Post - Porn Modernist Show. Annie Sprinkle. (1992)
New York.

Annie Sprinkle’s career is seeded in the sex industry which informs her art practice. For this performance Sprinkle narrated her career achievements; she then inserted a speculum and invited the audience to step forward to look at her cervix.

For Sprinkle, her sexuality is empowering, and whilst she is offering her body up to the close inspection of both the male and female gaze, she
remains in control and in a position of power. The audience, armed with a torch stand near the space between her legs, with her cervix at eye level.

There is something child-like in this curious gaze, fascinated with the normatively forbidden sight of an internal landscape that is almost as
alien to us as the distant galaxies in the universe.
Self Portrait with Eggs. Sarah Lucas.
Digital print on paper. Dimensions: 745 x 514 mm. Acquisition purchased by Tate 2001. 

Here we see Lucas sitting, arms and knees spread open with feet flat to the ground. Her direct eye contact and body posture communicates strength  and despite the camera angle simulating us looking down on Lucas, it doesn’t seem like she is offering herself up submissively to the gaze, but that she is holding our gaze defiantly.

The absurd humour of the fried eggs on Lucas’ breasts contrasts with her serious face.

Wearing clothes that are androgynous and with eggs signifying her breast, the macho stance that Lucas adopts shows us that a woman’s body can be fluid in it’s form and appearance. The notion of the female as
feminine is unfixed, just as male as masculine is not inevitable.


Win. Poppy Jackson.
Performed at Alien(s) in New York.
10 minutes duration. WIN sign, gold leaf, razor blade.
Curated by Bean & Benjamin Sebastian
Grace Exhibition Space, New York.
Photo: Anna Martinou.

Jackson’s website states: ‘Jackson maintains eye contact with every audience member as they file down a narrow corridor in close proximity to her body. She is positioned upside-down in the corner with the 'WIN' sign inserted into her vagina, a pile of gold leaf in one hand and a razorblade in the other.

When all the audience are seated, Jackson pulls her body up the wall with her legs, takes the razorblade and cuts red bird-shaped line from one shoulder to the other. As the cut bleeds upwards, over her upside-down shoulders, she sticks the gold leaf over the cut.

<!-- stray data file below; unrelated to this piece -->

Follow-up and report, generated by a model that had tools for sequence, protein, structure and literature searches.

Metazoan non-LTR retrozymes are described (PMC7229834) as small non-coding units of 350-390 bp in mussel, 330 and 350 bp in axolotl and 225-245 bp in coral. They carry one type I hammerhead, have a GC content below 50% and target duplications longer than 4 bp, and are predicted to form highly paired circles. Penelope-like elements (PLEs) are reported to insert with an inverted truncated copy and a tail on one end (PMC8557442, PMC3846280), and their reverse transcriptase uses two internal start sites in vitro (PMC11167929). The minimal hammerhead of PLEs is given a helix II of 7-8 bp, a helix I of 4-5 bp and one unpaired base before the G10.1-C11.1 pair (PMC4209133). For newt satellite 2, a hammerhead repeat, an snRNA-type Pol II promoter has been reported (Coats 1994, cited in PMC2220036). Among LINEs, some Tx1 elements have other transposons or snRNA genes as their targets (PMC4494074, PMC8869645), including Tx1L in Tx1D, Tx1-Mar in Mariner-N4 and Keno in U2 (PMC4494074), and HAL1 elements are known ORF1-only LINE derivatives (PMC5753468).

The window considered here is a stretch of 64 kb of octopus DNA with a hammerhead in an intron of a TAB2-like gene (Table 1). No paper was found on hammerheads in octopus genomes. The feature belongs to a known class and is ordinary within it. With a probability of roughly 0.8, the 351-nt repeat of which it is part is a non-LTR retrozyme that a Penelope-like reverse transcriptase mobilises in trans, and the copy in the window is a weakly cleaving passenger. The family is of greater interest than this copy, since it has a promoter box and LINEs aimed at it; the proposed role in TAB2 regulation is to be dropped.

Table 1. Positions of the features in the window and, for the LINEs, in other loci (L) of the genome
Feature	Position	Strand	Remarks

Jackson then pulls out the 'WIN' sign, stands, and begins to shake violently as
pieces of gold flutter from her body to the   
floor. She steadies herself, acknowledges the audience once again and parts them as she leaves the space.’


Jackson told me that the WIN sign was obtained at a fairground. It was a sign/target at a stall; signifying a prize to aim for, to win. By inserting the sign into her vagina, Jackson challenges the misogynistic notion of female body as commodity, as something to own and show off, like a trophy. By maintaining eye contact, Jackson commands the space, reclaims the gaze surrounding her nude body. As she opens her body up to it’s surroundings, the space almost becomes an extension of her.

The strength of her body to hold itself in position counterbalances her vulnerability. This is not a damsel in distress. This is a confrontational body, holding the space and those who enter it. The gold leaf, Jackson’s breath and the way it moves through the air of the room as she shakes her body breaks any boundary there may be between the viewer and the artist.

The notion of the here or there / external and internal is dismantled through this shaking action and also with the signifying of internal spaces occupied by the sign at the beginning of the performance. As she cuts through the audience with her path at the end, it is clear that this was a shared experience with the viewer, that these were moments of transformative liminality.